Archive for January, 2010

Posted By Tommy

My new android

Just thought that I’d test the capabalities of this phone to post here.

Posted By Tommy

This Text Is Now Writing Your Mind

This Text Is Now Writing Your Mind

Posted By Tommy

Send to:

Using Send-to in Ubuntu is supposed to be a helpful thing. Although I prefer using the Terminal for copying files to new locations, let’s see how send to works:

First, we right click the file:

Then we see the Send To dialog box:

We select the “Removable Media”.

Select the disk we’d like to send it to:

We have the option to send it as a zipped file:

We go to the target location and see if the new file is there:

If it’s not, we can just consider what happens in the terminal if using the command “cp” which means to copy. First, I look to see what drives are available:
tommy@ubuntu:~$ ls /media
cdrom cdrom1 floppy U3 System
cdrom0 f2fc5429-adbc-4957-b436-f990c1cba426 floppy0 Ubuntu 9.04

Check what’s on the drive:
tommy@ubuntu:~$ ls /media/f2fc5429-adbc-4957-b436-f990c1cba426/
bin dev initrd.img media opt sbin sys var
boot etc lib mnt proc selinux tmp vmlinuz
cdrom home lost+found root srv usr

I want to see my new file. It’s called “new file”.
tommy@ubuntu:~$ ls
Desktop Downloads Music new file~ Public Videos
Documents examples.desktop new file Pictures Templates

I copy the file into the USB drive, which has a really long name.
tommy@ubuntu:~$ cp new\ file /media/f2fc5429-adbc-4957-b436-f990c1cba426/
cp: cannot create regular file `/media/f2fc5429-adbc-4957-b436-f990c1cba426/new file': Permission denied

I realize that the copy command cp doesn’t work outside the user directory. Therefore, use sudo with password.
tommy@ubuntu:~$ sudo cp new\ file /media/f2fc5429-adbc-4957-b436-f990c1cba426/
[sudo] password for tommy:

Check that the file copied:
tommy@ubuntu:~$ ls /media/f2fc5429-adbc-4957-b436-f990c1cba426/
bin dev initrd.img media opt sbin sys var
boot etc lib mnt proc selinux tmp vmlinuz
cdrom home lost+found new file root srv usr

yes, it did, because “new file” now exists on the drive. Wow, the terminal works but rightclick “Send to” doesn’t.

I wrote this post for… And if it’s published there, then I will update this page to link to that page!

According to LinuxToday (Dec. 21, 2009), Firefox 3.5 is now the world’s most popular browser. That means that there are millions of Linux users who choose Mozilla Firefox for their surfing needs. Although there are some very good reasons that Linux users like to use Firefox, the default skin is not one of them. Quite frankly, it’s quite boring! Just look at how Firefox 3.5 looks on your Ubuntu 9.10 when you first open it up:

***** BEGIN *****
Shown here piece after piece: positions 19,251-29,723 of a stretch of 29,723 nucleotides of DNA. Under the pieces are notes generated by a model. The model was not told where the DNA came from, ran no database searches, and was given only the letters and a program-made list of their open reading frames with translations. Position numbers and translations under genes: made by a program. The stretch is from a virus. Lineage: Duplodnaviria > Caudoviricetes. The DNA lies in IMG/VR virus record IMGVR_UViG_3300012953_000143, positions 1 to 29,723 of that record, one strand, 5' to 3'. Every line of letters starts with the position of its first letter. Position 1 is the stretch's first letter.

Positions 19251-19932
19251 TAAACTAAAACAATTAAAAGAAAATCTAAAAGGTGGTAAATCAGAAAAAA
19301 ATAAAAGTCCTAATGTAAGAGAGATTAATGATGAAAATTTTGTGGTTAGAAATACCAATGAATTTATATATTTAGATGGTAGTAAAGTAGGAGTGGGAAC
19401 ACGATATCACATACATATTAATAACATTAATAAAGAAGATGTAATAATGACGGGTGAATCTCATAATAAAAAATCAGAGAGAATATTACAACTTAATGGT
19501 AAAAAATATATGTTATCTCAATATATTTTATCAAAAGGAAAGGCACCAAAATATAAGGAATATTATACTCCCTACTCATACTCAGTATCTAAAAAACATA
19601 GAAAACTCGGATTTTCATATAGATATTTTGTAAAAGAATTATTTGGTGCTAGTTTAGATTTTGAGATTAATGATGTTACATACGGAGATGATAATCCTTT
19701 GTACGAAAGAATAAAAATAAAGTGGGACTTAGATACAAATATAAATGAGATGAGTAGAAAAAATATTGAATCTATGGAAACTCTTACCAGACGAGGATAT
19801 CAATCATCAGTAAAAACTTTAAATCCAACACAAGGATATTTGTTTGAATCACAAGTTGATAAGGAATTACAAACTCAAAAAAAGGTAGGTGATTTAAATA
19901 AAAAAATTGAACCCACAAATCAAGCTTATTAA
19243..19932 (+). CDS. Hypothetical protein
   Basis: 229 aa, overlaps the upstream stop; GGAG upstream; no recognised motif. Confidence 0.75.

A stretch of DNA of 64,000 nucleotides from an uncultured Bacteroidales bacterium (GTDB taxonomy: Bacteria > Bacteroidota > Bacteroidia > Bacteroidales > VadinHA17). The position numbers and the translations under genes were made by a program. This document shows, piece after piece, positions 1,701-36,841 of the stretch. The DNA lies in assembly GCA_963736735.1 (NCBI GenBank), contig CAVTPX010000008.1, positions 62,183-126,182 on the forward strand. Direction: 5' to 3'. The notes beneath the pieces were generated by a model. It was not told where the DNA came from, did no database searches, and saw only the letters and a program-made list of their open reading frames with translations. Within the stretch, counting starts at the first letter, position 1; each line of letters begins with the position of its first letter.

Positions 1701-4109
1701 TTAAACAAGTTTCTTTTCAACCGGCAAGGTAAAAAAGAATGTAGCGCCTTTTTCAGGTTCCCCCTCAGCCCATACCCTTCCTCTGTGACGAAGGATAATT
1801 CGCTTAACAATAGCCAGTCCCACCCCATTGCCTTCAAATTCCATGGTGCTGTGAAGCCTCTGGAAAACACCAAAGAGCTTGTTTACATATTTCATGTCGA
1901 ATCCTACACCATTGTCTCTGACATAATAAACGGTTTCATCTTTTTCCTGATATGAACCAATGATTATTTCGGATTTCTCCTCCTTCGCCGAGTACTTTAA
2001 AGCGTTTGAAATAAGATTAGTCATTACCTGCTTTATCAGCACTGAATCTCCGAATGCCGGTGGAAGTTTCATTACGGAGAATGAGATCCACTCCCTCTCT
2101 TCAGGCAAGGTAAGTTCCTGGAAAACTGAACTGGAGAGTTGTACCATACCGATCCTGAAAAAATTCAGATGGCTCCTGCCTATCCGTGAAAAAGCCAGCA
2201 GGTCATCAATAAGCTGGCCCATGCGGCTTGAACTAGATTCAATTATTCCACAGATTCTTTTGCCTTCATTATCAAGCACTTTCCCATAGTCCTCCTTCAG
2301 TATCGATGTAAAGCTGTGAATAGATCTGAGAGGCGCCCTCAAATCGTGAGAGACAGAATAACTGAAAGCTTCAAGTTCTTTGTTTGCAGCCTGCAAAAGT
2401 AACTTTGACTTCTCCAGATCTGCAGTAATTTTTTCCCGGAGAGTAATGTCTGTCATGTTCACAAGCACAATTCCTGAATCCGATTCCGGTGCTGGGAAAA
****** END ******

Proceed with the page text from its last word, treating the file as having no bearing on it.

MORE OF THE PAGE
Over eight million people currently use personas. Themes are another way to make your browser look better, but unfortunately, many theme builders fail to update their themes for new builds, which means that you can’t get the themes you like when a new build comes out—and you have to choose between a more secure browser or a beautiful one. Personas is a better way, because they are easy to create and that means easy to migrate to the new version. As a result, you can have most current and secure browser, and you can also have beautiful browser! This article will show you how to install a persona. It’s a great way to make your drab browser more colorful.

Looking at the current Ubuntu 9.10, we see that it comes with Firefox 3.5 by default. As personas aren’t built into the browser experience until Firefox 3.6, the first thing that you need to do is install the personas extension. (Note: You can upgrade to the Firefox 3.6 beta if you prefer not to install the Personas extension or if you’d like to help test Firefox One caution is that 3.6 is currently a beta!)

First, select Tools>Addons, enter personas into the search box and then hit Enter. You’ll see a screen like:


Choose “Add to Firefox” and after a few seconds, you’ll see the following:


Firefox will load the necessary files. Once that’s finished, a button “Install now” will appear. Click “Install now” when that happens. You’ll have to wait while Firefox installs the plugin.


Finally, click “Restart Firefox”.


Firefox should restart automatically. When it does, you’ll be presented with the following screen:


Close the extensions window. From here, there are several different ways to use the personas extension to add personas. One way is to browse for the personas you like. When you see one, just roll over it to preview the persona. It will automatically change the look of Firefox, but not permanently. If you want to keep the persona, then click “Wear it”. As you can see, I’ve selected the Lady Gaga persona.


That will take you to the page for the Persona. You can read what the creator had to say about their persona and also see how many people are currently using the persona.

Finally, there’s a faster way to access Personas. Click on the fox in the lower left corner of the browser, and it will bring up a menu. This menu gives quick and easy access to the 38,000+ personas that are available.


If you have any more questions, please feel free to contact me (, or you may prefer to take a look at the official Personas website (